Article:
Now we know how the fairy tale ends.
It is the end, isn’t it? Surely. You could even hear the clock ticking on Peyton Manning above the din of Bruno Mars at halftime of the Super Bowl.
By Sunday night, the world had changed so for Manning. He was no longer being asked to win the Super Bowl, just not to lose it. Steady hands and a wise head were all that was required, not 300 passing yards, like the old days in Indianapolis. The Denver defenders could do the heavy lifting.
He wasn’t the leading actor in a championship performance, but rather the guy on stage who gets the biggest cheer for a lifetime achievement award. But when the game was iced, he pumped his fists as if he had just thrown his fifth touchdown pass. The last rodeo was about the bottom line, and nothing else.
And now, presumably, sunset for Manning. Glorious, fulfilling, very nearly perfect. It is time. We know that, and it sometimes seemed from his post-game demeanor and comments that he does, too. The official word should come later, as it did for John Elway, the only other quarterback to ever go out with a Super Bowl championship. But for now, why don’t we just appreciate the dusk of Peyton Manning?
Several things came to mind Sunday night.
One was what a winding journey it had been. Here was a man Louisiana born, a college star in Tennessee, a folk hero in Indiana, a hallowed elder statesman of the game in Colorado. And the final scene in California, just up the freeway from Hollywood. At 39, he had come back from injury, just in time to win a Super Bowl. Hollywood, indeed.
Another topic was the memory of all those Sundays in the RCA Dome or Lucas Oil Stadium, Manning having the football in one hand and a big slice of this state’s heart in the other. How many of Peyton’s admirers from those loud years pulled out their old No. 18 Colts jerseys to wear to Super Bowl parties Sunday night.
There was this idle thought: The Colts beat Denver in November, so they have owned regular season wins over the eventual Super Bowl champions in two of the past three years.
And another one. If not for the Manning story line, where on the dull-o-meter would this Super Bowl have ranked?
But most striking was the different road Manning’s career has taken as he’s neared the finish line. He grew into a legend by stacking statistics. There were so many touchdown passes, so many yards. And wins. Lots and lots of wins. But while the Super Bowl XLI championship banner will forever hang proudly in Indianapolis, there was also, in truth, a considerable dosage of postseason disappointment.
But nobody minded, or doubted his greatness. There was magic in his arm.
By Sunday, we knew much of the magic is gone. He would not be shredding any defense. We had not gathered to count his touchdown passes. We had come to see if he could get out of town with a farewell championship. If he could complete the perfect denouement, with the help of his friends.
The fact Denver’s offense did not produce a touchdown until the final minutes? Irrelevant. Manning’s pedestrian 13 completions for 141 yards, and a 56.6 passing rating that was one of the lowest in history for a Super Bowl winning quarterback? Fine print.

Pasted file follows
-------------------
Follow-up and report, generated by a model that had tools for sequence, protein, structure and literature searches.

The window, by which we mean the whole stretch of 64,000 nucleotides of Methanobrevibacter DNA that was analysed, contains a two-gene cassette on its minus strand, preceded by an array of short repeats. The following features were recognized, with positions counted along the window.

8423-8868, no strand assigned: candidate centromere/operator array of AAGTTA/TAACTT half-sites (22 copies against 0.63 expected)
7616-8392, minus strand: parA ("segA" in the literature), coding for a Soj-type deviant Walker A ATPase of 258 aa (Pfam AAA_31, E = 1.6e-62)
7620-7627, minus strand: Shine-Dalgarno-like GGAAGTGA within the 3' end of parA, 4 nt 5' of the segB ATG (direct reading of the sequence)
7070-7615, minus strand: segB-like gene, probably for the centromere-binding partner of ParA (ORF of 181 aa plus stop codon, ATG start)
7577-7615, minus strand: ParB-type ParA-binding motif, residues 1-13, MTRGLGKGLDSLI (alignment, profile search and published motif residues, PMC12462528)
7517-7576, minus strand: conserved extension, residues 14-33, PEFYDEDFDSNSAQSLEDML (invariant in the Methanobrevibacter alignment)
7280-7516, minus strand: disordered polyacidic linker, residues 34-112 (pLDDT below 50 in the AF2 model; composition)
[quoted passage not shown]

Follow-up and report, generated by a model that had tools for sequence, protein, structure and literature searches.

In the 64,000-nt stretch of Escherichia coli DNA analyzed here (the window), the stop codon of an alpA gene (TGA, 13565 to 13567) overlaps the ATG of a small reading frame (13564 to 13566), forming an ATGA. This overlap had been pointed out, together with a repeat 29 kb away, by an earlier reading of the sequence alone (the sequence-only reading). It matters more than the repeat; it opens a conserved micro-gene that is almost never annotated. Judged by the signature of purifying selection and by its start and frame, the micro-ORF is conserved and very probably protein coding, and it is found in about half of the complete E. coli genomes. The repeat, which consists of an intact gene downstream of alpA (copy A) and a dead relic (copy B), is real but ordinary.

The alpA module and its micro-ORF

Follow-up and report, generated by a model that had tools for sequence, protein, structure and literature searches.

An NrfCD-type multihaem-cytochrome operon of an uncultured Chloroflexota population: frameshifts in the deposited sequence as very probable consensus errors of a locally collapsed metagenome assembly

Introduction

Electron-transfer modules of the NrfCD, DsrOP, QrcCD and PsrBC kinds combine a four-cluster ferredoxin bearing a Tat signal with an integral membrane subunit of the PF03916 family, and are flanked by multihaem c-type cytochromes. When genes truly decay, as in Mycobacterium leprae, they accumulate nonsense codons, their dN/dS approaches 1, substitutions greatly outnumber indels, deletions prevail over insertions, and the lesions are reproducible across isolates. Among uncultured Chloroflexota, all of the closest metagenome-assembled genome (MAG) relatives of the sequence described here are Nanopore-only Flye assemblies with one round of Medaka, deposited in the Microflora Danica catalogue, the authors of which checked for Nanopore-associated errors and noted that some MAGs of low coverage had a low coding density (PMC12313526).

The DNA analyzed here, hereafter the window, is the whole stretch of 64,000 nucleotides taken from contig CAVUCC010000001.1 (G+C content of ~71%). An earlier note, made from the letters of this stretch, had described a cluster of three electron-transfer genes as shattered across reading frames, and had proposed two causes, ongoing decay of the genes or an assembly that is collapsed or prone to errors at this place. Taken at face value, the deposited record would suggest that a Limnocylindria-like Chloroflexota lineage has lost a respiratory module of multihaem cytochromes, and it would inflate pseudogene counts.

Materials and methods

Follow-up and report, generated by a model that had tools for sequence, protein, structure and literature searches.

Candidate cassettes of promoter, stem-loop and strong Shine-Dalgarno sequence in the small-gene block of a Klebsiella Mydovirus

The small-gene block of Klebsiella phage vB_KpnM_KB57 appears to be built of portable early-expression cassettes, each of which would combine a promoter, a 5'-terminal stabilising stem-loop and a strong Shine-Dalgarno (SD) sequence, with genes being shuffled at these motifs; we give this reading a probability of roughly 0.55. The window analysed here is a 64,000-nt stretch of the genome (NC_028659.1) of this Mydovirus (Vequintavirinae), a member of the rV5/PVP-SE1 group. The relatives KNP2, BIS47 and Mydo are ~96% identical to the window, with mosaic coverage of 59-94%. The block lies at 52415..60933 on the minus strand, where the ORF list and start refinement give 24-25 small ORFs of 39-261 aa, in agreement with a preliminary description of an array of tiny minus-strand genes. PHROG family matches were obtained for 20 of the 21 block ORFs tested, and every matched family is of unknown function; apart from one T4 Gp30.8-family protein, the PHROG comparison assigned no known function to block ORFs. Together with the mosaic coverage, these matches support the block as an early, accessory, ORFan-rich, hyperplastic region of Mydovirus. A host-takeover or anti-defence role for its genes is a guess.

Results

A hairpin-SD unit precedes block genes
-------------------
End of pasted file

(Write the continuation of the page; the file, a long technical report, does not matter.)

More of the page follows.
Once, he would have been asked to carry his team. Now, his team—especially his defense—was asked to tote the load. It was an alternate universe from so much of his career, but it all worked out. Manning said afterward the beer for the celebration Sunday night would be on Von Miller, as Super Bowl MVP. So a linebacker is buying now, instead of the quarterback? It was a joke, but it was telling in its way, too.
“We won the Super Bowl. All the rules are changing,” Miller said in his postgame press conference. And the concept of the defense leading the way? “As human beings, we’re selfish, but when you’re doing something for somebody else, that’s when the magic happens. It wasn’t just for Peyton. We’ve got a long list of guys that have been deserving.”
Manning had fought tears during his talk to the team Saturday night. He said Sunday he will sort out his decision in the coming days and weeks. He will say thanks to all those who need to be told, and that includes a prayer or two. Not that Sunday night would have been any time for a retirement announcement, anyway. The Broncos defense needed to get the spotlight. But several old Manning business items were taken care of.
No, he will never have to hear again how he only won one Super Bowl. Which is like saying a person has had only one winning Powerball ticket. There is something about multiple rings that kills tired questions.
Yes, he has matched brother Eli’s two titles. No, this was not to be the coronation of the new Jedi warrior, Cam Newton, but a going-away party for the Yoda of quarterbacks.
Yes, turns out he hit the jackpot back in 2012 when he chose the Broncos. This was why he went to Denver.
And finally, no, the ending was not absolutely perfect. Not from the Indiana view. He was supposed to be wearing blue when he held his last Lombardi trophy. But it was impossible not to feel good for a man who came to fame by being a passing machine, but bowtied his legacy at the end by being a champion. Not many get to say that. Peyton Manning has been lucky to have this chance to walk away on top. But then, he deserved to be.